Scientists Create Artificial Penis
Research with rabbits could offer treatment for human impotence, study suggests
TUESDAY, May 23, 2006 (HealthDay News) -- Success with randy, replicating rabbits suggests that an "artificial penis" made from a patient's own penile cells might someday help men challenged by tough-to-treat impotence.
In the study, adult male rabbits with severely damaged penises received a graft of specially engineered penile tissue. The animals then re-grew full penises that functioned normally -- even to the point of successfully impregnating females.
"This is very exciting -- the researchers have been working on this for a long time in a variety of different organs. It's not yet clinically available, but if it works and proves safe and effective, it would be a tremendous advance," said Dr. Ira Sharlip, a spokesman for the American Urological Association and a clinical professor of urology at the University of California, San Francisco.
Sharlip was not involved in the study, which was led by Dr. Anthony Atala, director of the Institute for Regenerative Medicine at Wake Forest University in Winston-Salem, N.C. His team reported its findings Tuesday at the American Urological Association annual meeting, in Atlanta.
Drugs like Cialis, Levitra and Viagra have revolutionized the treatment of impotence for millions of men over the past decade. However, some forms of erectile dysfunction remain very difficult to treat.
A condition called "corporal fibrosis" -- where the tubes of penile "spongy tissue" that maintain erection are gradually replaced by inactive, fibrous scar tissue -- remains largely untreatable. The disorder occurs when the penis' sensitive spongy-tissue cells don't get the oxygen they need to survive, usually because of a chronic reduction in blood flow.
"It's relatively common in men with diabetes and various forms of vascular disease, or men who've previously had infections -- usually infections of a penile prosthesis," Sharlip said. "There are men who have such severe fibrosis that nothing can be done to restore their natural erection function, other than to implant a surgical prosthesis," he added.
However, advances in biotechnology have spurred research into replacing dead tissues with new, living tissues grown in a laboratory using the patient's own cells. According to Sharlip, Atala has long been a pioneer in this field, working not just with penile tissues but with tissues from other organs.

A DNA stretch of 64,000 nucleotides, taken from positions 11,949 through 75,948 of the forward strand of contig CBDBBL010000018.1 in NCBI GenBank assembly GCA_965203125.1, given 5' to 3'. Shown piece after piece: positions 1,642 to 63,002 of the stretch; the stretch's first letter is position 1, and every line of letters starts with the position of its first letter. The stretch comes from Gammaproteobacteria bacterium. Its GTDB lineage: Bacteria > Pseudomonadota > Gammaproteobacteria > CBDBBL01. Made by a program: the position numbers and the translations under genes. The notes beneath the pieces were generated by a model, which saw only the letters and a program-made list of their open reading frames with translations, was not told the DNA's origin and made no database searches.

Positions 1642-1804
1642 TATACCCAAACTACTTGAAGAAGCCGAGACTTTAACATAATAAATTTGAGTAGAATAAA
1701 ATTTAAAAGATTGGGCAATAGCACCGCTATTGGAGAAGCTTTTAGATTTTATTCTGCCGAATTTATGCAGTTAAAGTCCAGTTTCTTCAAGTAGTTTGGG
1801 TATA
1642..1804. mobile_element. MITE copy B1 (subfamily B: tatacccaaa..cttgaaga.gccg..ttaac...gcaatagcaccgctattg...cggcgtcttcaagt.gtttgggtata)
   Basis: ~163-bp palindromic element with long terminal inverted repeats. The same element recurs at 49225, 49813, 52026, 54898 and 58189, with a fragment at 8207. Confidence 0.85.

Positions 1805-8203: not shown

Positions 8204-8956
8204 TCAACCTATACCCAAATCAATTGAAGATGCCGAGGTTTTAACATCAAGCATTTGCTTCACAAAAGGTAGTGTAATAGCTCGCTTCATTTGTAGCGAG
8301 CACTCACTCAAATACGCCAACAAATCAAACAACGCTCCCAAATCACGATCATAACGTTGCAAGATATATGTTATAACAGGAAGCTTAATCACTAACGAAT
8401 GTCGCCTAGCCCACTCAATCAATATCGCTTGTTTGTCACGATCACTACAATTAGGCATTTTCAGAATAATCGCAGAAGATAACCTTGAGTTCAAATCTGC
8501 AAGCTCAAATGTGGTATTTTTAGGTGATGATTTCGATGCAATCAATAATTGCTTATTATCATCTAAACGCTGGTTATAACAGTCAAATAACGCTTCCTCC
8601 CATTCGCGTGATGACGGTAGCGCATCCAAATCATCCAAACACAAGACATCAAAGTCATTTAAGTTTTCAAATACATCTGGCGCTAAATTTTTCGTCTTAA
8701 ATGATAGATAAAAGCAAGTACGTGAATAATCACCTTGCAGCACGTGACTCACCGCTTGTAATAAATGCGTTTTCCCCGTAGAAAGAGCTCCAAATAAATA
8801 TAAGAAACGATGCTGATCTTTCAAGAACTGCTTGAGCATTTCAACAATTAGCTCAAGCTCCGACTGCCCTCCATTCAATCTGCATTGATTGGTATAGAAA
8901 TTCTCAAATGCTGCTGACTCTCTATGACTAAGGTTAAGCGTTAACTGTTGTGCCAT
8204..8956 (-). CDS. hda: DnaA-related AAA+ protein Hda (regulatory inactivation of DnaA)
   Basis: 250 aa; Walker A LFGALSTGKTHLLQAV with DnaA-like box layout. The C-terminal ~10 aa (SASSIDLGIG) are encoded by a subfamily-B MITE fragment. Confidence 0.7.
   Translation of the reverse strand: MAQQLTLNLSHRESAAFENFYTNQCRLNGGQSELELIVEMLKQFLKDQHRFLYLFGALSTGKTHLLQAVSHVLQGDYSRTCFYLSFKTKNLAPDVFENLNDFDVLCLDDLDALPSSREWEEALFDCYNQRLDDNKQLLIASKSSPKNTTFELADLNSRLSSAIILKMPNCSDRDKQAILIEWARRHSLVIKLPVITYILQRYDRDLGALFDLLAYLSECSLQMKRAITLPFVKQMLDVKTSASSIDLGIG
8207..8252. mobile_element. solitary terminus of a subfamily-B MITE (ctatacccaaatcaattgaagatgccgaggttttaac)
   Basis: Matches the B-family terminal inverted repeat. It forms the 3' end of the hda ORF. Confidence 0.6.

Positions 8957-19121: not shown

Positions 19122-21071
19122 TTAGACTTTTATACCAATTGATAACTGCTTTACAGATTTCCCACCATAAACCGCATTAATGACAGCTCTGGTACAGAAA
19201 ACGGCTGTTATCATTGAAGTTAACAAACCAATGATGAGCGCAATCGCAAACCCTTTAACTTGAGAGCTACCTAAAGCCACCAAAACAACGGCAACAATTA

In their latest study, the Wake Forest researchers first used standard biopsy techniques to harvest smooth-muscle and blood-vessel cells from the penises of healthy adult male rabbits. In the lab, the researchers used these cells to "seed" a special nutrient-rich collagen matrix. Over time, the cells multiplied within this framework to grow into new penile tissue.
Next, the team surgically removed all of the natural spongy tissue from the penises of the donor rabbits. They then grafted in the engineered tissue.
Atala's group tracked the rabbits' penile growth and function over the next one, three and six months.
The researchers found that the new penises were similar in structure to natural rabbit penises. The "artificial penis" also achieved and maintained erectile pressures equal to those of normal rabbit penises.
Next came the real test, as the rabbits that had received the new penises were presented with sexually mature females.
Things proceeded just as nature intended, the researchers said.
"Mating activity in the animals with the engineered [penis] resumed by 1 month after implantation," they reported. "Presence of sperm was confirmed in the vaginal vault of the female partners, and all females conceived and delivered healthy pups."
Sharlip cautioned this is a preliminary study involving animals. But he said that "rabbit tissue is fairly similar to human tissue. If it can be done in rabbits, it probably can be done in humans."
Doctors who treated men with corporal fibrosis in this way would still face another hurdle, however: Treating the underlying cause of the fibrosis itself.
"There's the question of how you restore that needed blood supply," Sharlip said. "You may be able to restore the natural spongy tissue of these erection chambers, but in a patient with severe corporal fibrosis you also have to get the blood supply to come back into the new, restored tissue." Without that steady source of oxygen, any implant might meet the same fate as the tissue it had replaced, he said.
Still, the advance does mark one of the few breakthroughs against the disorder in years, Sharlip said. And he added that success in tissue engineering has implications "not only for the treatment of erectile dysfunction but in the world of medicine in general."
"If we could re-grow and replace worn-out tissue [in other body parts], that would have tremendous implications," Sharlip said.
For more on erectile dysfunction, visit the American Urological Association.